Follow me on Twitter @revbrock

Wednesday, May 9, 2007

In the fall of 2000 I was picking up my textbooks in the Mississippi College bookstore when an interesting paperback caught my attention. Its title was “Help! I’m afraid of the Proverbs 31 Woman!” While humorous, this seems to be the general feeling of a lot of women on Mothers’ Day, which is usually when Proverbs 31 is read in church. The fear comes from the description of the “virtuous woman” who is up before dawn, makes clothing and food, conducts business, and is generally extremely busy all day. Modern-day Christians read this passage and are confounded by the relative impossibility of such a life.
We must keep in mind that this image of a woman’s life comes from a culture not our own. For example, the passage refers to the virtuous woman as managing her servants well. There are no servants in our homes these days, and haven’t been for several generations. Furthermore, not too many of our ladies make their own clothing or plant vineyards (but for those who do, you are amazing!). Instead, our culture today is one of department stores and pre-cooked food and business and baseball games and higher education. So are we then left on Mothers’ Day reading a passage that has nothing to do with our mothers? Certainly not!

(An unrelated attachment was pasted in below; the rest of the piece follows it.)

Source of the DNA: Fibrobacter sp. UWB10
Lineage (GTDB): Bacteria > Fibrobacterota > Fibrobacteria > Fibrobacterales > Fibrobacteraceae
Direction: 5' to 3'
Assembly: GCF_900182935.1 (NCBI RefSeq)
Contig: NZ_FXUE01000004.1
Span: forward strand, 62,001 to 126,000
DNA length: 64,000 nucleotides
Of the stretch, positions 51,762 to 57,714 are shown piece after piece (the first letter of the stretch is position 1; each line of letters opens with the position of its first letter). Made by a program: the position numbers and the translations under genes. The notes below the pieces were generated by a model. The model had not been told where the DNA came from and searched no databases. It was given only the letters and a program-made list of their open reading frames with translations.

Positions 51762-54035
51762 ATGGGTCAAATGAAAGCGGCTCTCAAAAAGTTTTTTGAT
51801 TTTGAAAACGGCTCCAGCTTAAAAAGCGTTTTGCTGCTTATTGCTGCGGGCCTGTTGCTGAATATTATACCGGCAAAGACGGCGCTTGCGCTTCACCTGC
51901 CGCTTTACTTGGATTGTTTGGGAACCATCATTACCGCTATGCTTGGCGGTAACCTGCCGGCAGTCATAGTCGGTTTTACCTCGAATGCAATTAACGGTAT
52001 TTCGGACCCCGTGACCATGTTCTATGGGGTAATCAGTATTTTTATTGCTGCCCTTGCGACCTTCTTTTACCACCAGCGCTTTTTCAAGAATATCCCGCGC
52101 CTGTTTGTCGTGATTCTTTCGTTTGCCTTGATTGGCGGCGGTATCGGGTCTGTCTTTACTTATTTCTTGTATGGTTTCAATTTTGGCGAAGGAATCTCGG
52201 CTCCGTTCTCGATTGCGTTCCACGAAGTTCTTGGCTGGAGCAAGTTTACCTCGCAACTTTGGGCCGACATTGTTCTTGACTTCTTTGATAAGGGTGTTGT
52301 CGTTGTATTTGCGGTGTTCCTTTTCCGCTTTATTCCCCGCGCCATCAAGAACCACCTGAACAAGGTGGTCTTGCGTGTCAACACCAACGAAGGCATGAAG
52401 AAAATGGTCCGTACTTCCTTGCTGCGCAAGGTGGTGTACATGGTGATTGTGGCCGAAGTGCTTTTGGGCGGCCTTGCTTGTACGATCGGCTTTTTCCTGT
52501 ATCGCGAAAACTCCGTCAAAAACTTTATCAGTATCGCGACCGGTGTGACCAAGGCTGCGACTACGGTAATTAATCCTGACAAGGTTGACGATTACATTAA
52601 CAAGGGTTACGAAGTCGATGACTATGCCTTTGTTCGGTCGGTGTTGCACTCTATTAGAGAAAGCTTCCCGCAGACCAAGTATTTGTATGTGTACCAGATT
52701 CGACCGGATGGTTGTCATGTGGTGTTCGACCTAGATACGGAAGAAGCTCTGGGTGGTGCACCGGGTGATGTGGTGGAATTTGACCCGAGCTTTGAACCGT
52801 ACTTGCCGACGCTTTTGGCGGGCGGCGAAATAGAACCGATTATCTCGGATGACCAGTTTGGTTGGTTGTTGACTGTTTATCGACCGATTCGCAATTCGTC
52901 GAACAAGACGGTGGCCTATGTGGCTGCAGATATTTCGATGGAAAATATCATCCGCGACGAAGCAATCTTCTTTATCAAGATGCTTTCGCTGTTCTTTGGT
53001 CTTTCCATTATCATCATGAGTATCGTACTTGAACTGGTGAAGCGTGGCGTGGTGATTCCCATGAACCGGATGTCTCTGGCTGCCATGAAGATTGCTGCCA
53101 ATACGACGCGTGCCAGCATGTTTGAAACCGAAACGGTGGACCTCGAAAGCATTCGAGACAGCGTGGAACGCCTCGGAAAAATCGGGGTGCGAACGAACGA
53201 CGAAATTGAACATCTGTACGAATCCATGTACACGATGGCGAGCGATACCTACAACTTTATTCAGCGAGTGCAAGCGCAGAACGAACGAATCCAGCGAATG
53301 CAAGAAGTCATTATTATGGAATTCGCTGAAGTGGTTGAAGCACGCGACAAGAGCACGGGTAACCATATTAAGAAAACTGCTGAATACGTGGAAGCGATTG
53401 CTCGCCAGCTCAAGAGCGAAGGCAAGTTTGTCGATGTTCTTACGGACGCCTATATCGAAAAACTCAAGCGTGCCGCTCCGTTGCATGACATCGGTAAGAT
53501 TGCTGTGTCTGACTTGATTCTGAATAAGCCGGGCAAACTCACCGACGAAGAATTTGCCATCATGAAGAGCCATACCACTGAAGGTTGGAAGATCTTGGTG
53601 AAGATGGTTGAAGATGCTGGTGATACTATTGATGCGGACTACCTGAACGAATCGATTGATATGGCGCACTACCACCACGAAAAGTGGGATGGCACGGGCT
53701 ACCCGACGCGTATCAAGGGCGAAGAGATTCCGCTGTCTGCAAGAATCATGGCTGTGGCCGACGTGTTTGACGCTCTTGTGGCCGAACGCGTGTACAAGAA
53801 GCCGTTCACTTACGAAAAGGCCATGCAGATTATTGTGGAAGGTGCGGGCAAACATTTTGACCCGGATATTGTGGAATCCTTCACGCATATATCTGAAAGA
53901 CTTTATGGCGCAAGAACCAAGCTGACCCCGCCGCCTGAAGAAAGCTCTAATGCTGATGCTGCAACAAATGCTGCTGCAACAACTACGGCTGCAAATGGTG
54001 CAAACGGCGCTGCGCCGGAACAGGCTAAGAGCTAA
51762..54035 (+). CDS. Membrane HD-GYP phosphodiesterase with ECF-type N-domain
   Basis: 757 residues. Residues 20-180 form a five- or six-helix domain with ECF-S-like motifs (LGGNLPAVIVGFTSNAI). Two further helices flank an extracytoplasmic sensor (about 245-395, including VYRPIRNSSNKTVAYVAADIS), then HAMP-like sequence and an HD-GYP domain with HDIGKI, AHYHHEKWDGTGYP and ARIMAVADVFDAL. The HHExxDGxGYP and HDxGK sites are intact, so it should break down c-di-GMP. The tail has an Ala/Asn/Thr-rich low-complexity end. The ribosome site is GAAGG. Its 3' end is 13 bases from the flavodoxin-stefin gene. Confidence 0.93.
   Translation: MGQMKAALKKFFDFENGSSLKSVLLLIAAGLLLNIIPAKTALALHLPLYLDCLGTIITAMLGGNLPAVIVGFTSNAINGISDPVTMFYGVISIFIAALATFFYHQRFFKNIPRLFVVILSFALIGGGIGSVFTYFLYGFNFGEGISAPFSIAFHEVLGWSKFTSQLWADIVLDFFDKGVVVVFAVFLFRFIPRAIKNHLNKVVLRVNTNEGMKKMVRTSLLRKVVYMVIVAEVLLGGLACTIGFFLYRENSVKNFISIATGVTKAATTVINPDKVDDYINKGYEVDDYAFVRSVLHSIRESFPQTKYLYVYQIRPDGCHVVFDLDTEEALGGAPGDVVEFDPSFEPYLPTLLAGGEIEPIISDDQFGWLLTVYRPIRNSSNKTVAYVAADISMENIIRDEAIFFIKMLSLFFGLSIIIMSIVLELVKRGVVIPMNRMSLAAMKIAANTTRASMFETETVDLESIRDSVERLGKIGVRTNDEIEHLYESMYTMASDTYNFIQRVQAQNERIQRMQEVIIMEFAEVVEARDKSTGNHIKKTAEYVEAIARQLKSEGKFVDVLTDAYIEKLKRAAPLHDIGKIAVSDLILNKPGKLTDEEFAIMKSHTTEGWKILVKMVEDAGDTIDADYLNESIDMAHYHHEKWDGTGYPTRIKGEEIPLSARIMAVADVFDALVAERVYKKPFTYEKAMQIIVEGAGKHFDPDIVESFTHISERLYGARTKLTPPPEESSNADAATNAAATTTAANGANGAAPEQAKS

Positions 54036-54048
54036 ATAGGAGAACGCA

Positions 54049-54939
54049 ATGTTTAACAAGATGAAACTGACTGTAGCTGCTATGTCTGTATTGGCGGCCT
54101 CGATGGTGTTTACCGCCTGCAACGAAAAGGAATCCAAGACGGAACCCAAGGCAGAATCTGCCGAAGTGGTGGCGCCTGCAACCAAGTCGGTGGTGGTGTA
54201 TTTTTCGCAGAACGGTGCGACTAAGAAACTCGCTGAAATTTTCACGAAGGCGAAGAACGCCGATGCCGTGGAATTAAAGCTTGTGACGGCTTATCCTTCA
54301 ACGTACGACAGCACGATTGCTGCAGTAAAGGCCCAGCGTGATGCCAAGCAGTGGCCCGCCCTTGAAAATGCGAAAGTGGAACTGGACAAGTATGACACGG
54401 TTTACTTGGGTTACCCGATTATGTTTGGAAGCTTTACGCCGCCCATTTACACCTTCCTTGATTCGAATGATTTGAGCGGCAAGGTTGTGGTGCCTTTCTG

Proverbs 31 is a wonderful chapter of Scripture for the modern woman to consider valuable. Notice that her work is valuable not just for the spirit of her household, but for its income as well. Her employment is as wide-ranging and important as her husband’s; she buys and sells land, she sells material and produce, and she is described as a ‘provider.’ What better passage for our mothers today? All of the language of economy, wisdom, value, and faith that are normally reserved for men in the Scriptures are here applied to the strong and beautiful mother in our household.
Let us realize that the value of a mother is indeed not just limited to the spiritual nurturing that she provides husband and children. Instead, let us understand that a mother’s work of provision, education, and income-earning work is just as valuable as her husbands. Let Mothers’ Day not be the one day a year when we think of mom as having some extra value to us – let this day be one where we celebrate the “virtuous woman” who blesses us each day.

No comments:

Post a Comment